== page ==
Three people who may disagree politically and socially are able to come together on the issue of human life as a whole,� Jonathan Scherzer, McCormick senior

2,100 Palestinians have been killed, along with more than 70 Israelis, according to a United Nations report from early September. Rabbi Aaron Potek, Associate University Chaplain Tahera Ahmad and University Chaplain Tim Stevens represented Judaism, Islam and Christianity, respectively, at the gathering. Each religious leader spoke during the vigil about the inherent tragedy of the instability in the Middle East, and shared different religious verses.

“No matter how much we divide the blame,� Potek said, “there’s no such thing as perfect people.� During the event, students also read poetry and testimonials about the international events before holding a moment of silence to remember the victims from both Israel and Palestine. McCormick senior Jonathan Scherzer said he was moved upon hearing the three religious leaders speak in a row. “One of the most powerful moments was seeing how three people who may disagree politically and socially are able to come together on the issue of human life as a whole,� Scherzer said. Boxerman noted that University of Wisconsin-Madison and Oberlin College held similar events this week. “Our message is one that’s inclusive and accepting,� Boxerman said. “It’s also challenging and will push people to consider narratives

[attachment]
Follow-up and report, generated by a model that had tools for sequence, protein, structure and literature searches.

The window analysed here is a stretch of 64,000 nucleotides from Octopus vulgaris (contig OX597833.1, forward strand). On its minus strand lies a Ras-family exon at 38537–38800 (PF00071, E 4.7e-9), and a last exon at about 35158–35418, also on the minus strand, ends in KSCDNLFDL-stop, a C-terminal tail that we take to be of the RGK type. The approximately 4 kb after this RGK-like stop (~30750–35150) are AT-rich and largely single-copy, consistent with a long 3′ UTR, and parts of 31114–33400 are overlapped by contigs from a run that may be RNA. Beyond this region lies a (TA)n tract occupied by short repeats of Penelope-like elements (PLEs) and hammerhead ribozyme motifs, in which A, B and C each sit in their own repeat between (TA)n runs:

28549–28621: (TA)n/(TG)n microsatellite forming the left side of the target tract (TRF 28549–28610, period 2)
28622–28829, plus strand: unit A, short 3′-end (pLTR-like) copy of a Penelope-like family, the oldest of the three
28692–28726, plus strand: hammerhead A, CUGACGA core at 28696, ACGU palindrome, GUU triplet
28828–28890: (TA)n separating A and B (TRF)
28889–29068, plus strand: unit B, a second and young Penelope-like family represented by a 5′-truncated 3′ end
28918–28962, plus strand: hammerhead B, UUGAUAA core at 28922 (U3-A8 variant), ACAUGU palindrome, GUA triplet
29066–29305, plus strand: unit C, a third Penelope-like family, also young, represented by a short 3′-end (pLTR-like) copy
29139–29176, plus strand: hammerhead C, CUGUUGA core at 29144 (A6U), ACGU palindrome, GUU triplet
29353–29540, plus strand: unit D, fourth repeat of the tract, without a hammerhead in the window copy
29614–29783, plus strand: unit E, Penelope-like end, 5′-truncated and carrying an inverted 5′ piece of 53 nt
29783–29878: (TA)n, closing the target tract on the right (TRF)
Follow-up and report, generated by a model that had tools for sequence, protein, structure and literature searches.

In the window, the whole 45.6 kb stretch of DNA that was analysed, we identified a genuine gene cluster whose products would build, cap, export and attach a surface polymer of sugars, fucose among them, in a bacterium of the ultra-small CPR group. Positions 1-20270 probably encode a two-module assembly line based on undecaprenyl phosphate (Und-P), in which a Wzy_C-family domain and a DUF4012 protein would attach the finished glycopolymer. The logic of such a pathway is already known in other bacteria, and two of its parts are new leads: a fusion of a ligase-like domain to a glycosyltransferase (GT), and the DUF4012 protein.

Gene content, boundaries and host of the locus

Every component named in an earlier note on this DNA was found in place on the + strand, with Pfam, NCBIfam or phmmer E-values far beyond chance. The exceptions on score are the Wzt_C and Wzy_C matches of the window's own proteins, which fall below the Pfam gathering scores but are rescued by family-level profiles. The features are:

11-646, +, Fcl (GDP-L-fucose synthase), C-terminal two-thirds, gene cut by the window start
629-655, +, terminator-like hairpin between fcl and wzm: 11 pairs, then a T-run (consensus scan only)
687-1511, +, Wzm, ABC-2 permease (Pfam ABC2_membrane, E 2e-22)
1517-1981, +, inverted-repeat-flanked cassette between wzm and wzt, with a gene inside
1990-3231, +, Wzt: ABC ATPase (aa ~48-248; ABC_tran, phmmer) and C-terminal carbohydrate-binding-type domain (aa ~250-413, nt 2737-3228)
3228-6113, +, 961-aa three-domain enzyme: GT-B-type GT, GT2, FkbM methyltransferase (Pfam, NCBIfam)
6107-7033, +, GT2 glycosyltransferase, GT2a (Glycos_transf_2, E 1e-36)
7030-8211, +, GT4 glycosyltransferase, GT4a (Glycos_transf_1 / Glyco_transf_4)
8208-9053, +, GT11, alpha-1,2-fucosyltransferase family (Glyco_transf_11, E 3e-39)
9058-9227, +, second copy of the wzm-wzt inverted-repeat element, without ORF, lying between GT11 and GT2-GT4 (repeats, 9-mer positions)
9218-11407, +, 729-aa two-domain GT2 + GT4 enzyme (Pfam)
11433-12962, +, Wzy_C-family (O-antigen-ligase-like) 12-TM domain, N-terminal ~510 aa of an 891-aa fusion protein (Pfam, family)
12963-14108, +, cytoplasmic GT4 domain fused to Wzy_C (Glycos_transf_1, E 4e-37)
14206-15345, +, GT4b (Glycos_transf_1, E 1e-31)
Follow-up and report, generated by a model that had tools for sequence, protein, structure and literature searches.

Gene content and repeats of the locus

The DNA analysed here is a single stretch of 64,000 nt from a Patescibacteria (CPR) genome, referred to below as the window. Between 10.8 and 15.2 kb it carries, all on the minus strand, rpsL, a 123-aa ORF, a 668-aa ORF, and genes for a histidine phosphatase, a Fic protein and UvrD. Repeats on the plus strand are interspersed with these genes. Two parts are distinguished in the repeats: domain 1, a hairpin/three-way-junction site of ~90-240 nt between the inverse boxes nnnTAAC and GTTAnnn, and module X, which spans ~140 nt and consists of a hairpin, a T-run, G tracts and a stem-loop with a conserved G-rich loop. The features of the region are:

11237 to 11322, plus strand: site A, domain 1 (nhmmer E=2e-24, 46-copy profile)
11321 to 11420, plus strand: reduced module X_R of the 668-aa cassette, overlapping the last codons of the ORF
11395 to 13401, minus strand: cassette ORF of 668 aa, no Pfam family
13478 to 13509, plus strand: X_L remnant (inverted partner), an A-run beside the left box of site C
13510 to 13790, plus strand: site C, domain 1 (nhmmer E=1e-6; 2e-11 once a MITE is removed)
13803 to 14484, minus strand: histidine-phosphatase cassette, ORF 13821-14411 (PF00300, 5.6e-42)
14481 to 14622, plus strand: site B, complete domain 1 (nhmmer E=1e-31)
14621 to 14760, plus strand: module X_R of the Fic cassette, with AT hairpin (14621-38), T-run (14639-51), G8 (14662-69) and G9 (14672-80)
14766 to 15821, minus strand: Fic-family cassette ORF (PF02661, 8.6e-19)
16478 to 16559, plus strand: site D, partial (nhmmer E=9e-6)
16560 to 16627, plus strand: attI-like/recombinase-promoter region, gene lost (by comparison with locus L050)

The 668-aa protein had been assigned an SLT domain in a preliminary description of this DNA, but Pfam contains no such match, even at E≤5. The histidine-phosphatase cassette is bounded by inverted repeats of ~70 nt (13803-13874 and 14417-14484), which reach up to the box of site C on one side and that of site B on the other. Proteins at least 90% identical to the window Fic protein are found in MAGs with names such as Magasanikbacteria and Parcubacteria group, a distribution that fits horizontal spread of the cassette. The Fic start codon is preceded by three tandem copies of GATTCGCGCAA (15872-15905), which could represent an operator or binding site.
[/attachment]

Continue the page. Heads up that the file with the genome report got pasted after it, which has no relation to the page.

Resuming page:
they may not be familiar with.� He said he hopes the vigil’s demonstration of solidarity continues. “The vigil was successful in that it got people thinking critically about a two-state solution,� Boxerman said. J Street U is a national student organization with chapters at college campuses across the nation. The group advocates for a two-state solution in Israel and Palestine and supports the rights of both the Jewish and Palestinian people. On Sept. 26, Students for Justice in Palestine also hosted a vigil at The Rock to mourn the conflict’s many Palestinian victims. Medill junior Tal Axelrod, J Street U co-chair, told The Daily on Sunday that the J Street U vigil is part of a national series.